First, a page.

EW: I’m not so much interested in discussing the merits of various political positionings as I am in discussing the concepts and values that exist beyond the labels. I used the terms “conservatism, libertarianism and progressivism” to represent three distinct modes of thinking. Whether my descriptors were accurate representations of those who identify with those labels or not is not the question I care to pursue.
So…let’s take a step back and look at what it was I was attempting to convey. Perhaps from that place we can reach some accord, or at least a deeper level of understanding.
My premise is that we humans are both/and creatures. We are unique and discrete manifestations of life, and as such we are each utterly precious and bring into this world something that no other being or life form – EVER – can deliver, because there will only ever be one version of YOU/ME that operates in this specific space/time.
At the same time, we are all embedded in a larger living reality, completely and utterly INTERdependent upon all that exists beyond our sense of ‘self’ for our survival. We are here because the totality of reality came together the way it has for countless eons in order to create the precise conditions that enabled us to exist. Change those conditions in any way and we would not be here in this moment as “us.” Our interdependence within a larger living system means we are not entirely free to do as we would like, no matter how deeply we might crave said freedom, because our actions reverberate through that larger system and create consequences; those consequences alter our experience – and the experiences of all other living things within the system we share.
In that, I find that honoring a person’s right to do as he/she wants in the privacy of his/her home and with his/her body (and fully supporting and nurturing every person when it comes to his/her self-actualization) while agreeing that some social constraints are valid and necessary to preserve and protect both social order and the larger living system upon which we ALL depend and that constitutes our shared reality reflects a compassionate, intelligent way for humanity to self-organize that seems most consistent with the truth of who we are and how we operate in this world. It benefits us all when every person is empowered to bring forth the best they have to offer in service to life, because we ARE life…each one of us. We are not separate from anything else, but are exquisitely differentiated aspects of ONE living reality. Thus, what elevates one of us elevates us all, while what diminishes any one of us diminishes us all.
That is the middle way I was pointing to as the most reasonable means of human self-organization, reflecting both our personal autonomy and our social responsibility to the larger system upon which we depend for our survival. (That system, by the way, is not the government itself; it is the planet with its atmosphere, clean waters and food sources that are our GENUINE resources.)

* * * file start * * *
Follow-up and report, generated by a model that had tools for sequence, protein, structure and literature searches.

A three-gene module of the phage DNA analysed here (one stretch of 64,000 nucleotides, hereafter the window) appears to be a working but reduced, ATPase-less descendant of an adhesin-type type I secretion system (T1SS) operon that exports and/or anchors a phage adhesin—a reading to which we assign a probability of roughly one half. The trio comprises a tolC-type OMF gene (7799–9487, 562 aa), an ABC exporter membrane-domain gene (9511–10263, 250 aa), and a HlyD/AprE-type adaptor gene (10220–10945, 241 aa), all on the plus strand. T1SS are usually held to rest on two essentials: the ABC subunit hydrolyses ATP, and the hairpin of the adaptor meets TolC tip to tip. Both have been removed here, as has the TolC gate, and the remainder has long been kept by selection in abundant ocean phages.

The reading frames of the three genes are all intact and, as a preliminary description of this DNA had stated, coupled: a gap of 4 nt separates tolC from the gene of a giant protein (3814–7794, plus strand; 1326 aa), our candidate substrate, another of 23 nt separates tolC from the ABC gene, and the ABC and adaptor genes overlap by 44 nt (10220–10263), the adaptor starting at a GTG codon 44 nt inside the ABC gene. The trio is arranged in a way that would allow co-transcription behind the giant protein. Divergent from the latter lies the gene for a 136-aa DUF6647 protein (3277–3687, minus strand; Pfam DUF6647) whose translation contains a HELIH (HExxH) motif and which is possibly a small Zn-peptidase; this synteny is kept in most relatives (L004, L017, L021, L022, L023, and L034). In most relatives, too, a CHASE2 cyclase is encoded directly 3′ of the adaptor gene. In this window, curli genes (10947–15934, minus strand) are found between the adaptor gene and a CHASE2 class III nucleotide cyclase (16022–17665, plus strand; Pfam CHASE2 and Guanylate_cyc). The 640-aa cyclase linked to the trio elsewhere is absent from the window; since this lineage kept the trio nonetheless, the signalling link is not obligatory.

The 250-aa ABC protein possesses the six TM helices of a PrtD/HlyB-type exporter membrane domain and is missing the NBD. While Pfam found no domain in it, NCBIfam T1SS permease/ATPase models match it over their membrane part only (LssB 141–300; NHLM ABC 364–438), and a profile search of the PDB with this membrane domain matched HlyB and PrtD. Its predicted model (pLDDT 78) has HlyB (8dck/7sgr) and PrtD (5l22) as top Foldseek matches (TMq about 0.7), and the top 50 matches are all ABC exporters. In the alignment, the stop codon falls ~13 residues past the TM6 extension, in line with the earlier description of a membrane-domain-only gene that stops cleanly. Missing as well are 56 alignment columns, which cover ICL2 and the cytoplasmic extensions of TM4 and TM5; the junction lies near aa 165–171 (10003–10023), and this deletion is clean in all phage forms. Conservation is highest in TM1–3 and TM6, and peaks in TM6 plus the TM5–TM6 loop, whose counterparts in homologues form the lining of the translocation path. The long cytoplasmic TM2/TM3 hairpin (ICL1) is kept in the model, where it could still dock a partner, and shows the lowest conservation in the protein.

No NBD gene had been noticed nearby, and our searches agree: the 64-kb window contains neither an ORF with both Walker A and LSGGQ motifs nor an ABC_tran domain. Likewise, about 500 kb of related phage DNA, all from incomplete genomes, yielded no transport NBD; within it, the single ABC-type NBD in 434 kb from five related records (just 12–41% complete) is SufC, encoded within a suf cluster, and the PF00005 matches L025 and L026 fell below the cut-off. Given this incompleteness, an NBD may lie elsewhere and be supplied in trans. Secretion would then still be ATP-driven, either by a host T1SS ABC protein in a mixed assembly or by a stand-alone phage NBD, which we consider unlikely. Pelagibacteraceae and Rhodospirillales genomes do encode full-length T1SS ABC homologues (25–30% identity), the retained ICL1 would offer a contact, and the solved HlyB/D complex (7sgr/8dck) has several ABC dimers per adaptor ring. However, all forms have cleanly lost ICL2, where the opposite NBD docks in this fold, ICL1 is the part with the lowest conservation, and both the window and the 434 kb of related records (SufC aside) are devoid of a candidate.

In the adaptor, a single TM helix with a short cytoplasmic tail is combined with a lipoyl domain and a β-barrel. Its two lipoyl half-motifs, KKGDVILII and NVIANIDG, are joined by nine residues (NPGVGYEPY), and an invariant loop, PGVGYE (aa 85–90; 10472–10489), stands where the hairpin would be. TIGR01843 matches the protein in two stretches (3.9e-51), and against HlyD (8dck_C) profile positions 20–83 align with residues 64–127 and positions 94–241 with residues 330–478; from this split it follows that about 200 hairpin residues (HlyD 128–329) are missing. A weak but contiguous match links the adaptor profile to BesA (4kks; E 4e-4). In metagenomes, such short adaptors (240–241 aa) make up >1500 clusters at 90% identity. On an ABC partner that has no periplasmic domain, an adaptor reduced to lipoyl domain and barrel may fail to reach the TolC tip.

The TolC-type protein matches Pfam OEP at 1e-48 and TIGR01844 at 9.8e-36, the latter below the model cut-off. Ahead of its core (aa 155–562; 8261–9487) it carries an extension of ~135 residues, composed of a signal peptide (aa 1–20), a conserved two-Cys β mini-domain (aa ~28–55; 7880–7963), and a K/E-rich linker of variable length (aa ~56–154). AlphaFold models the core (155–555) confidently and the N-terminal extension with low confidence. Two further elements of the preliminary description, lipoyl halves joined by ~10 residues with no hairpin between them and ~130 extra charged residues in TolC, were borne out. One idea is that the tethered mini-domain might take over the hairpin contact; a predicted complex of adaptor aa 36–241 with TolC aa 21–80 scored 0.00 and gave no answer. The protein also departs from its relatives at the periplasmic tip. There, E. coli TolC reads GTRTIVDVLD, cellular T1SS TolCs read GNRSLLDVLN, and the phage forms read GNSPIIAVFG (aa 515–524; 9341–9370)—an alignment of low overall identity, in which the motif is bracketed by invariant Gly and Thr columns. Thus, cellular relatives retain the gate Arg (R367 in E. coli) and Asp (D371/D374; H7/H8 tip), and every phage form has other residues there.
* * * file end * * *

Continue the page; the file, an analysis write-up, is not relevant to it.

I find that some folks on one extreme end of the spectrum seem to feel unfettered freedom and no government intrusion into the decisions we make is acceptable; others seem to feel that they don’t want their financial and business decisions controlled but that it’s okay for society to control what people do in their bedrooms and with their own bodies. Still others seem to feel the government has the right to control how people relate to the living world upon which we all depend, but not to control what they do with their own bodies. Still others believe the government has a potent role to play in both. And of course, there are versions of every permutation in between that some people will adhere to.
Again, I was pointing to my own preference – maximum personal freedom with some limited governmental capacity to constrain those who would do harm to our shared planet for short term personal advantage. My labeling of those who seem to want to restrain personal freedom while expanding freedom to damage the planet as manifesting “conservatism” was reflective of the Republican party’s present platform – which does not reflect the views of every Republican. My labeling of the energy toward unfettered personal freedom combined with unfettered regulations around economics and social behavior as “libertarianism” was reflective of what I understand the modern libertarian party claims as its platform. Again, this was not to indicate that any particular person who identifies with that label adheres to the party’s platform. My comments were NOT political so much as socio-spiritual. I just happened (unfortunately, perhaps) to use political metaphors and labels to attempt to explain it in a way that I felt most people would find more accessible.